When Jerry Hobelman graduated from high school in Grant, Nebraska, he thought he wanted to be an accountant. He enjoyed math and any task that involved numbers.
After two years of college, he realized that a career as an accountant wasn’t the best fit for him. The idea of sitting at a desk all day was no longer intriguing. Instead, Hobelman took a 180 and went to Northeast Community College to pursue a utility line degree.
“If I’ve learned anything in life, it’s that you just have to laugh,” Hobelman said. “Don’t take life too seriously.”
Being a lineworker involves problem-solving with math daily. He was inspired to become a lineworker after watching his father, a Midwest Electric lineman, and going on after hours calls. He knew the position involved a lot of math along with the benefits of outdoor work.
Hobelman interned in the summer of 1989 at Dawson PPD and was hired as an apprentice lineman after graduation in 1990. Hobelman met his wife, Amy, and together they raised their family in Lexington. He later became a construction crew foreman in 2006.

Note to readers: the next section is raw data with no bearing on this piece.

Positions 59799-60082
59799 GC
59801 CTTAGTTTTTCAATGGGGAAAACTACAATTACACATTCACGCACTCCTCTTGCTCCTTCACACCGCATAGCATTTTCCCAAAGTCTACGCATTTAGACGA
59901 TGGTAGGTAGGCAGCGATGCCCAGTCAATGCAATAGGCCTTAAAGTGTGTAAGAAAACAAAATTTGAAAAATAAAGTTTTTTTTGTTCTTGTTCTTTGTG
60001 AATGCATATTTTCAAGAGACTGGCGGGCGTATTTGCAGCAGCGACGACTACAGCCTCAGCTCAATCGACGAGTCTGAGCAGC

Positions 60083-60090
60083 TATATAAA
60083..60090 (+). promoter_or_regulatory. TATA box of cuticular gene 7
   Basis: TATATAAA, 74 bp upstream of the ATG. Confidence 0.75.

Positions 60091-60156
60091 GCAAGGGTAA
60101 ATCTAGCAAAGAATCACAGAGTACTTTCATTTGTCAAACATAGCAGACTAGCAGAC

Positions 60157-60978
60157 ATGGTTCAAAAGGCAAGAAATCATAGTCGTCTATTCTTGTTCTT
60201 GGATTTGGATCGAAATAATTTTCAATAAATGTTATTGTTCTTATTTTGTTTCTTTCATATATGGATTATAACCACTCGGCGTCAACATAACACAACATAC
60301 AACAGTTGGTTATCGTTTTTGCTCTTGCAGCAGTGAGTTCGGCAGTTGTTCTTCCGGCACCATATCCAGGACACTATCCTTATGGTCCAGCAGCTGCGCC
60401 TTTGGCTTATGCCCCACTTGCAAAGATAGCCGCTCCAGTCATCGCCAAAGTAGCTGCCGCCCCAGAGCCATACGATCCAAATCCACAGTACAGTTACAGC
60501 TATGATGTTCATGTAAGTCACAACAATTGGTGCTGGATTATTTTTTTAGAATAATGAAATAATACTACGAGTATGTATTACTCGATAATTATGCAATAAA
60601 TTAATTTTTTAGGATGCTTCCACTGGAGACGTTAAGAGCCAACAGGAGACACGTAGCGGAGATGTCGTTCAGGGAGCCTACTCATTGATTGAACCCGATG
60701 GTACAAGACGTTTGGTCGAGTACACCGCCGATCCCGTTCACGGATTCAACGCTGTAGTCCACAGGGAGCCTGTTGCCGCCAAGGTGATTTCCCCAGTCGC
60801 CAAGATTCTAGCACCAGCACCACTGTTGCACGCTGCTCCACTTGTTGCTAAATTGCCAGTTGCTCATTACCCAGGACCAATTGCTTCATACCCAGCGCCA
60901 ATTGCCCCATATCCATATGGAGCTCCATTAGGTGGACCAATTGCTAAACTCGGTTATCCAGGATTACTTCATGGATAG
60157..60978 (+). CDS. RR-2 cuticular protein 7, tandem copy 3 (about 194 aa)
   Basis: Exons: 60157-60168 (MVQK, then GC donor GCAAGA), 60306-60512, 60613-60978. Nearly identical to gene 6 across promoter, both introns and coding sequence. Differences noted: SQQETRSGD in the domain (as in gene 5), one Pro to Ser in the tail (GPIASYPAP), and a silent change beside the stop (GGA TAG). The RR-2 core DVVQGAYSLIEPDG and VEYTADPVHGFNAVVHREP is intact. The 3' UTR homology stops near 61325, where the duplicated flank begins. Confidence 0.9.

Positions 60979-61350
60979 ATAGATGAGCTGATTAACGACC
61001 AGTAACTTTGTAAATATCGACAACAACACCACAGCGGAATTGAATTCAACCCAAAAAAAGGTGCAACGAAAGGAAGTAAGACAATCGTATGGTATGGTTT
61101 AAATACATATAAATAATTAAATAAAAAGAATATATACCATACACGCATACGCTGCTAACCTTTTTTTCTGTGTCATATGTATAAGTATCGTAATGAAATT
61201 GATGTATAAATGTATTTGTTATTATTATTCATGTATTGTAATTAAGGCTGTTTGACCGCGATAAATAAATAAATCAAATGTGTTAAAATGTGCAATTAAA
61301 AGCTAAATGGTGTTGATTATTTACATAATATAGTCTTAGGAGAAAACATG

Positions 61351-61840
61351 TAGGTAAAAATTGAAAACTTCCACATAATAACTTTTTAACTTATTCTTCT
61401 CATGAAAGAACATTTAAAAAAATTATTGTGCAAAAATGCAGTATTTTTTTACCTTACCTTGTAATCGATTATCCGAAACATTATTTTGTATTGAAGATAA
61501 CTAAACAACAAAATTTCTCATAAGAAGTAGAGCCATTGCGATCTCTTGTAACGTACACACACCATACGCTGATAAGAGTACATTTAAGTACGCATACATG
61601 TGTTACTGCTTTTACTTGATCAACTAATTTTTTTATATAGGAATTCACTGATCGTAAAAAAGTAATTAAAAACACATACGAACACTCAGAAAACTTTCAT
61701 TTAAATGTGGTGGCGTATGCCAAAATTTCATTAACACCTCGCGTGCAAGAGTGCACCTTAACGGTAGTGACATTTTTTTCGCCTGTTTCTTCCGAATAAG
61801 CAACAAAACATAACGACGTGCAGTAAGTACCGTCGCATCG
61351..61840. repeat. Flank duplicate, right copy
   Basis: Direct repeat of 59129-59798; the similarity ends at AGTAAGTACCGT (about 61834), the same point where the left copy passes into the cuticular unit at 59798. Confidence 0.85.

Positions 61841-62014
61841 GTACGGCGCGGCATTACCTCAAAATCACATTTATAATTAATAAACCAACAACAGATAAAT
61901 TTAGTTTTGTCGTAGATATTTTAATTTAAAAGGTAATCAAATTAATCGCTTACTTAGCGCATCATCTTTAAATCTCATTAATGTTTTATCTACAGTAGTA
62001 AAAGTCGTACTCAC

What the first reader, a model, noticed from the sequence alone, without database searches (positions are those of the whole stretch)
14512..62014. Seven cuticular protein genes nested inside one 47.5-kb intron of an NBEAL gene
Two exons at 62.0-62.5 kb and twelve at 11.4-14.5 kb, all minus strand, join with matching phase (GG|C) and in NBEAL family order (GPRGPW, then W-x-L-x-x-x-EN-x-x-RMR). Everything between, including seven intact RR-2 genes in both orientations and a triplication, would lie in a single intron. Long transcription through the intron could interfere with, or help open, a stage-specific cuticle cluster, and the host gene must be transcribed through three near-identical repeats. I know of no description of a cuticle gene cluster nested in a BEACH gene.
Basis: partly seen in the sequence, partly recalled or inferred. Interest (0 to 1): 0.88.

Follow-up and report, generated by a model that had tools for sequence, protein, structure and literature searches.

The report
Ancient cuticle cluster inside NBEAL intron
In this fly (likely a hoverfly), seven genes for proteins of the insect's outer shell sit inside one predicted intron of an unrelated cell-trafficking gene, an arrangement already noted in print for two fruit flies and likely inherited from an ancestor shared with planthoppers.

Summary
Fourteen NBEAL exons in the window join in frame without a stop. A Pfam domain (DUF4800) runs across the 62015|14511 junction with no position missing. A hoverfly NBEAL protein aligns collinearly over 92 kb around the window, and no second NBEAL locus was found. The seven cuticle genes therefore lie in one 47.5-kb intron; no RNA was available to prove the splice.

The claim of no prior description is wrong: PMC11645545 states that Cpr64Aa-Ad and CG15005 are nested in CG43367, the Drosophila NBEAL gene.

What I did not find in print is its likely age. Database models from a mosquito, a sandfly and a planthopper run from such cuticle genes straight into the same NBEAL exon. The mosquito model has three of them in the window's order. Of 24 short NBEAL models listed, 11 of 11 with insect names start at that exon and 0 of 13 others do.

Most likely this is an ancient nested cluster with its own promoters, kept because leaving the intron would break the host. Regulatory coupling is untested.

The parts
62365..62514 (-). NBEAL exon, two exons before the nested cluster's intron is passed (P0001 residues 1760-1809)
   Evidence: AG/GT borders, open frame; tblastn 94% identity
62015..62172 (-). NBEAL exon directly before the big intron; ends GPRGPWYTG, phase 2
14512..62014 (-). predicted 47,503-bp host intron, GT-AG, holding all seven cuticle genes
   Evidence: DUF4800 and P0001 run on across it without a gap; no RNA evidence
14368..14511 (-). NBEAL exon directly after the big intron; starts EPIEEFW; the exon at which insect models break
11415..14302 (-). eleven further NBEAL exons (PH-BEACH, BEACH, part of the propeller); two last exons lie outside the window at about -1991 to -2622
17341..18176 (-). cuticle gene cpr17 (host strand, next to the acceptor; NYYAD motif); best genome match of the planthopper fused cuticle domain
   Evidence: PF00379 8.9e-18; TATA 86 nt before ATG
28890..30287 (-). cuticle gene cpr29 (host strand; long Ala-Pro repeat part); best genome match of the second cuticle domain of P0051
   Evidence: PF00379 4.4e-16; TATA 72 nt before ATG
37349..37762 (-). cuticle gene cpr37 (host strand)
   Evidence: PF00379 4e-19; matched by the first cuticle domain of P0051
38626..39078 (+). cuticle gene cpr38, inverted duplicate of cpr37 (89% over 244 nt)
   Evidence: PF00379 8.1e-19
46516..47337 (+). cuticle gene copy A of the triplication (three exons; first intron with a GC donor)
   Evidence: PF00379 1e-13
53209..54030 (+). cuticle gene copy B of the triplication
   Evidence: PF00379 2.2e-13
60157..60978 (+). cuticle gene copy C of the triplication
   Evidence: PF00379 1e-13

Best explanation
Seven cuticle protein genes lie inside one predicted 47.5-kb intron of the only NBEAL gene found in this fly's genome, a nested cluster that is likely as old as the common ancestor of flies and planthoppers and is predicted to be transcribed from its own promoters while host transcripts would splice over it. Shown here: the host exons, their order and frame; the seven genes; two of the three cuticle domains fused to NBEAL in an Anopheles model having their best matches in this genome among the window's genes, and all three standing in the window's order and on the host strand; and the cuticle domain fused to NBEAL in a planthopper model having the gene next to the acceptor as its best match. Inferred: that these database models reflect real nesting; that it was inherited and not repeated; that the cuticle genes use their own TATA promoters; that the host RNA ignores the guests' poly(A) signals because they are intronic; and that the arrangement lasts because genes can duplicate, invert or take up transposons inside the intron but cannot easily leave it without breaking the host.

Wanting to better himself and take a deeper dive into numbers, Hobelman became a staking engineer in 2010. His days were filled with calculations for appropriate pole span length, length of wire needed, and overall cost of the projects – a skill he first learned on the construction crew.
In 2015, Hobelman became the Manager of Purchasing, Facilities and Fleet. He built relationships with vendors, maintained budgets, and found creative ways to bring in necessary supplies when supply chains fell short.
Hobelman says that he is looking forward to retirement with his wife. They plan to travel and spend more time with family and “chase after grandkids.” The couple also enjoys meeting new people while finding and selling antiques at their booth in Grand Island.
Induction cooking is one of the most efficient, safest and most precise ways to prepare food. Unlike traditional electric or gas cooktops and stovetops, no flame or burner is necessary.
Dawson PPD Board President and Nebraska Rural Electric Association Board President
When a major outage occurs, our crews restore service to the greatest number of people in the shortest time possible – until everyone has power.